Americans Are Giving Up Their Citizenship at Record Rates, but not because of Trump

By 22 February 2017Fortune

According to Fortune, US government statistics show record numbers of people that are renouncing their U.S. citizenship, but not because of president Trump, it’s because of American taxes.

The IRS publishes the names of each American who gives up his or her citizenship. Last year, a record 4,279 people renounced their citizenship. Why are US citizens saying so long to Uncle Sam?

It is not because of president Trump: It’s because of American taxes. A lot of U.S. persons are tired of the hassle and expense of complying with US tax rules. Most of them are U.S. citizens who have been living abroad for a longtime and weren’t even aware they had to file American taxes.

FATCA

Because of the Foreign Account Tax Compliance Act (FATCA) that was supposed to “detect, deter and discourage” tax evasion through offshore bank accounts, foreign banks are required to report whether their clients are U.S. citizens.

Unlike nearly every other country in the world, the U.S. taxes individuals based on their citizenship and not their place of residence. This means that many longtime expats can face reporting and payment obligations. While tax payments to a foreign country can offset U.S. tax obligations, US persons sometimes owe additional taxes based on capital gains related to a their home or other assets.

In addition the penalty for not complying is high. That has caused plenty of consternation among foreign banks, some of which have closed accounts belonging to US citizens as a result.

The regulations also created new filing requirements for individuals with assets overseas and increased fines for missing a tax form. The penalty for failing to file is $10,000 per form. The consequences are even steeper for intentionally not filing a document known as the Report of Foreign Bank and Financial Accounts, which could result in a fine of $100,000 or 50 percent of what’s in the bank account.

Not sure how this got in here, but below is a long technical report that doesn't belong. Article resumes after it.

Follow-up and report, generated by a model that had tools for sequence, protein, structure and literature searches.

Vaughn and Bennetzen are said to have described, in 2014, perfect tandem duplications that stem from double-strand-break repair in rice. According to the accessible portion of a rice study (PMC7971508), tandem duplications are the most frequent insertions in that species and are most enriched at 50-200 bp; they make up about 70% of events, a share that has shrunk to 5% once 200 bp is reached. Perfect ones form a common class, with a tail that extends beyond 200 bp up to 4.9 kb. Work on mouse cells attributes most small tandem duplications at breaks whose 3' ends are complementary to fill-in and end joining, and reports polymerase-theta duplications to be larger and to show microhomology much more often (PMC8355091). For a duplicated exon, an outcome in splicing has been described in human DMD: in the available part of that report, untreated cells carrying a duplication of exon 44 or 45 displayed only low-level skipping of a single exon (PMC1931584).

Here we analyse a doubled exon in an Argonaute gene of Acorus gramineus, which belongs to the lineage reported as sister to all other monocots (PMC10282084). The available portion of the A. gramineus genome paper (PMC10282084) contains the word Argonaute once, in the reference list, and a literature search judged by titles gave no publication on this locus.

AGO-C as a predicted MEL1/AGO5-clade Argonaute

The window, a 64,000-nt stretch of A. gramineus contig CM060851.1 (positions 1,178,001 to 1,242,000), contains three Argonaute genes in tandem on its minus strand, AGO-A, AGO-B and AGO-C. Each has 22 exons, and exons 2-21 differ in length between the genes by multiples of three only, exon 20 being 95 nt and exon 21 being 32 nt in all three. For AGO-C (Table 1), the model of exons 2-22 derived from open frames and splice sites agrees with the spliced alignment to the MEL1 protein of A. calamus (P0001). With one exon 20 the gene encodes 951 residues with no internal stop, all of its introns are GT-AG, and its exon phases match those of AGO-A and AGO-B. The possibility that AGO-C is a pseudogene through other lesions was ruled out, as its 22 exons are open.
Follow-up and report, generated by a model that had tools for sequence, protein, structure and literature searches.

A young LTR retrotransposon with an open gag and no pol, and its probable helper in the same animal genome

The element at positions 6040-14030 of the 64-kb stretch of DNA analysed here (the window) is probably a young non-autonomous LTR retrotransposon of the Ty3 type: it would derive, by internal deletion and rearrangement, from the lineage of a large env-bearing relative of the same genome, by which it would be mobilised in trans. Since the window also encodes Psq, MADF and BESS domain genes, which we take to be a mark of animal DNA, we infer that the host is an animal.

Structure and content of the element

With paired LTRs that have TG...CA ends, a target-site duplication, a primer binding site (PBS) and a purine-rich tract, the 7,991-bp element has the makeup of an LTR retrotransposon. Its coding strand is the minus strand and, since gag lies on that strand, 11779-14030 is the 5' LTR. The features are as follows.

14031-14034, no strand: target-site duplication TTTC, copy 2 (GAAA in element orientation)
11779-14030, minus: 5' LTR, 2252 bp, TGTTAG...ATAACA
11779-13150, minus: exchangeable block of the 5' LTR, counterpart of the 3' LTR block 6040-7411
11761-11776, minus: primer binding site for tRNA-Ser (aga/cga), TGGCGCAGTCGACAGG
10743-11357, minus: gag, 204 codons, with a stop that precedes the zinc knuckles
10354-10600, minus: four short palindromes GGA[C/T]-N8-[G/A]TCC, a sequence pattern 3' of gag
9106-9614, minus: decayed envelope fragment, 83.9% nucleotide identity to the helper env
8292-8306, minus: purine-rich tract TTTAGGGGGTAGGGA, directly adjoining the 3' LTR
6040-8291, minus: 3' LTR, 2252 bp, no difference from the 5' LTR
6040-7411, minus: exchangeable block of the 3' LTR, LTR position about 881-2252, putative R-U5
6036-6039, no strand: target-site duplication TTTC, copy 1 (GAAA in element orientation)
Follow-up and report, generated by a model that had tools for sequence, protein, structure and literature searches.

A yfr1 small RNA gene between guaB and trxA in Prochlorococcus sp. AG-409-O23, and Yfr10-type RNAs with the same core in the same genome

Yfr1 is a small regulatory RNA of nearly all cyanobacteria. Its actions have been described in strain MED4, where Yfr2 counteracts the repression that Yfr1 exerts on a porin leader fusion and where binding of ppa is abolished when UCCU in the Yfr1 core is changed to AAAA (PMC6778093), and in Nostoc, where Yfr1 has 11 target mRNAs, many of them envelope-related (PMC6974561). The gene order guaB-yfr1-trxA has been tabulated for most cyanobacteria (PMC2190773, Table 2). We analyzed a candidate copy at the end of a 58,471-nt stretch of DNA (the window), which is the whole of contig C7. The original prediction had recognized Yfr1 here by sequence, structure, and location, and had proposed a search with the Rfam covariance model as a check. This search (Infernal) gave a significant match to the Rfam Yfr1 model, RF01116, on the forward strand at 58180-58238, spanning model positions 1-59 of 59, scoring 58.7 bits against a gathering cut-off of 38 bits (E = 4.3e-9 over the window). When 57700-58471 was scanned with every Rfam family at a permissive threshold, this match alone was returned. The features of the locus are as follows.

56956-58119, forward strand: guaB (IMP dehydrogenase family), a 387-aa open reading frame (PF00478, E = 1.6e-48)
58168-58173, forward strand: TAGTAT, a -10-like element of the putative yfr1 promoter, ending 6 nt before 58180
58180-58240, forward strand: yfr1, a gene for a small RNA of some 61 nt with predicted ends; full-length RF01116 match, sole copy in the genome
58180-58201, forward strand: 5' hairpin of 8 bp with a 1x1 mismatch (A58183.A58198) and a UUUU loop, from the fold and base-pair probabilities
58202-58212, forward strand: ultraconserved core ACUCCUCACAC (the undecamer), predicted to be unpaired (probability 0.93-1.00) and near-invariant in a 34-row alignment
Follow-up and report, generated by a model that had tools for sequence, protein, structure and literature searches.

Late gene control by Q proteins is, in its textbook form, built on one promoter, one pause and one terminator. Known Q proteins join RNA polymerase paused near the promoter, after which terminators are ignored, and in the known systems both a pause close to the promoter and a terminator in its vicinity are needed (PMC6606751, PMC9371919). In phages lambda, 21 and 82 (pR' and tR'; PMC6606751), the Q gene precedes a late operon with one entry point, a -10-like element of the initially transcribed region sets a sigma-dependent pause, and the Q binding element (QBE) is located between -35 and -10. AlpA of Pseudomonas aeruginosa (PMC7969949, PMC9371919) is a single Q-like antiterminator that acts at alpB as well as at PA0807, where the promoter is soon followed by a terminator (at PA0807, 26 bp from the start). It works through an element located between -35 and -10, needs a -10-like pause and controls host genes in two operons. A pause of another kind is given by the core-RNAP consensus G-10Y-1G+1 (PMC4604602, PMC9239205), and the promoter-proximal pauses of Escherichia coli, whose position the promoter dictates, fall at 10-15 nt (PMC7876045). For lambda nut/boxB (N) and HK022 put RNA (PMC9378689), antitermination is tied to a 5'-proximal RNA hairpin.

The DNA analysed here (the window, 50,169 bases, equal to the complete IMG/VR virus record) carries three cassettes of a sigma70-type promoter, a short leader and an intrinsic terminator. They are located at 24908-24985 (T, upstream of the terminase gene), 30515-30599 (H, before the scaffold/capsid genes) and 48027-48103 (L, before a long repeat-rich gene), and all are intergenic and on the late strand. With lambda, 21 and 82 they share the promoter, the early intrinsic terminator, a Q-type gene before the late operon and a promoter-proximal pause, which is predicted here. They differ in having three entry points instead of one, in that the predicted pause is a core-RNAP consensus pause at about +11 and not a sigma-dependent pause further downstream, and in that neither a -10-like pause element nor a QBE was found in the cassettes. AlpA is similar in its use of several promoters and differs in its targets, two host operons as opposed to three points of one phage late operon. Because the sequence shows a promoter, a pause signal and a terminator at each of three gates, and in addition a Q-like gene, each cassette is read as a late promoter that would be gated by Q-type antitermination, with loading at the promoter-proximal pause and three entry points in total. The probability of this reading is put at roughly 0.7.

Renounce US citizenship

People get worried and terrified. They don’t want to have anything to do with the IRS and consequently want to renounce their US citizenship.

Many of these Americans living abroad have been paying taxes in the country where they live and may not have bothered filing a U.S. return. Most countries in the world expect you to pay taxes only when you live inside their borders. But two nations —the United States and Eritrea —require its citizens to pay taxes on income while living in other countries.

For example: A Dutch American living in the Netherlands sold his house with a profit. In the Netherlands he was not required to pay taxes on this, but under US tax law he is required to file a tax return and pay taxes.

Renouncing is not cheap or easy

People ask themselves the question: Is my U.S. citizenship worth hundreds or thousands of U.S. dollars? America may be the land of the free, but leaving it isn’t, and neither is it cheap. Those who renounce their citizenship could be subject to an exit tax on all of their assets.

For those who choose to throw in the towel and renounce, even that process is not easy or cheap. Those who want to cut ties must pay back taxes for five years, plus an exit tax in some cases, They then have to make an appointment at the U.S. consulate to formally give up  their citizenship. You have to come clean with the U.S. before you can give up your citizenship, and you can’t put the blame on Trump for this one.

Americans Overseas

 

Americans Overseas helps Americans living abroad to become US tax compliant in an organised way and avoid unnecessary double taxation. Based on your personal situation, we introduce you to the appropriate US tax advisor in our AOS network. They will make you a tailor-made offer to help with your tax filings. Free of charge and free of any obligations.